postscript: Yes I know there is a pair of Barbie doll legs dangling down into the top of one of the photos, truth is that I have many more photos with the Barbie doll legs in them because every time I wanted a wider angle view there was no escaping them.

The photos sans plastic appendages were all taken zoomed in… and in the end I didn’t mind the legs too much, it was a nice distraction from the fact that I was travelling in a trishaw that had a giant spider on the roof (I hate spiders) ..at least by sitting underneath it I didn’t have to look at it. At least I’m in good company because French author Guy de Maupassant used to sit and eat his lunch under Tour Eiffel for the same reason.

http://en.wikipedia.org/wiki/A_Famosa

(photograph © Kiwidutch)

(photograph © Kiwidutch)

(photograph © Kiwidutch)

(photograph © Kiwidutch)

(photograph © Kiwidutch)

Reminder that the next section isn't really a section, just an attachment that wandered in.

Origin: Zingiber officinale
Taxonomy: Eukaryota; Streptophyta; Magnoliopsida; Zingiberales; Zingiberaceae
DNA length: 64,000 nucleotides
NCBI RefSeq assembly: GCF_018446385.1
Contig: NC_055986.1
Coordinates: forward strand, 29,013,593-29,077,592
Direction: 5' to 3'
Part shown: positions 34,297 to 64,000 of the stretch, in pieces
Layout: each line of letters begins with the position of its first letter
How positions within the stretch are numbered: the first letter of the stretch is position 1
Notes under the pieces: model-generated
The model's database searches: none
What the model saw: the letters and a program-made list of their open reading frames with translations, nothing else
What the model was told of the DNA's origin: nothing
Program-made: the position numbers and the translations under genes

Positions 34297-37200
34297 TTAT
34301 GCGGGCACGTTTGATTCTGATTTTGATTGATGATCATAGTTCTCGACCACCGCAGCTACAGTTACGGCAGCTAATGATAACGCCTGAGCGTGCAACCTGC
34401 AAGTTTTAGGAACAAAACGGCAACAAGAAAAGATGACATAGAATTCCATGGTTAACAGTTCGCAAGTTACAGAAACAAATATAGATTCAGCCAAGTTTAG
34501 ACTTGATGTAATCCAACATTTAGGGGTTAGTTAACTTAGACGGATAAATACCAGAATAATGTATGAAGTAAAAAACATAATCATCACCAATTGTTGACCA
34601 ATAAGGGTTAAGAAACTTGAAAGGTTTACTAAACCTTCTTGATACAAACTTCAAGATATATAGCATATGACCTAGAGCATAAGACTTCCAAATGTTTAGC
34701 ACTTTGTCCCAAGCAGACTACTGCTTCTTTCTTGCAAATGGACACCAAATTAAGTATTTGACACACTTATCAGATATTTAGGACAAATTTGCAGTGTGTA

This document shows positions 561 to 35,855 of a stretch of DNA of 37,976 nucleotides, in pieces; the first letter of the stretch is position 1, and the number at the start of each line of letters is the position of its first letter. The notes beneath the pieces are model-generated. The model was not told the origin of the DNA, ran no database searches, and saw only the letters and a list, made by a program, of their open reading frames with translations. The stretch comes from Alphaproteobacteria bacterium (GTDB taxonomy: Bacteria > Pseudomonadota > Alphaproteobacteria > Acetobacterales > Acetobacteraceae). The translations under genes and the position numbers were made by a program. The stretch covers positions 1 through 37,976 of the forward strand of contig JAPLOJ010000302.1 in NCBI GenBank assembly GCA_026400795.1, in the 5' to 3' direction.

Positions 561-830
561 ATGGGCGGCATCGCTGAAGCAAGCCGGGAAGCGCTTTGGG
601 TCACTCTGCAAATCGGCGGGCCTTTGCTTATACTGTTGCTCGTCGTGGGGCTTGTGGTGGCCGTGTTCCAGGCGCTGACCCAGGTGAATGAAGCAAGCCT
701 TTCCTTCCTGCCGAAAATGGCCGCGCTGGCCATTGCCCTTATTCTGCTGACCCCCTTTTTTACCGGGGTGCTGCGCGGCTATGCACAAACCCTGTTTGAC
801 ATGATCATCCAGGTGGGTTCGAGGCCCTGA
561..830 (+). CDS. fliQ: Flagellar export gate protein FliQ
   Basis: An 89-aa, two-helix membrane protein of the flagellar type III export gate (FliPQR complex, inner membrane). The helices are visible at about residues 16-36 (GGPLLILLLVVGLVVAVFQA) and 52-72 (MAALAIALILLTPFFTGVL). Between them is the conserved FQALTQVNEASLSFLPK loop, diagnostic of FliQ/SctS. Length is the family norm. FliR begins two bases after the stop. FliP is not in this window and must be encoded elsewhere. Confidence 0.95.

(photograph © Kiwidutch)

(photograph © Kiwidutch)

(photograph © Kiwidutch)

(photograph © Kiwidutch)

(photograph © Kiwidutch)

(photograph © Kiwidutch)

(photograph © Kiwidutch)

(photograph © Kiwidutch)

(photograph © Kiwidutch)

(photograph © Kiwidutch)

(photograph © Kiwidutch)

(photograph © Kiwidutch)

3 Comments »

  1. Great shots- and you crack me up!

    Comment by gh — November 10, 2012 @ 1:35 am | Reply

  2. I don’t know why, but I’m so surprised by the architecture throughout this series — I guess I didn’t expect there to be so much Europe still remaining in Malaysia. (And those Barbie legs make that image almost surreal! I’ll bet that all your leg shots put together would be a funny little series.)

    Comment by Luddy's Lens — November 10, 2012 @ 1:37 am | Reply

  3. Those legs!

    Comment by Tilly Bud - The Laughing Housewife — November 10, 2012 @ 9:38 am | Reply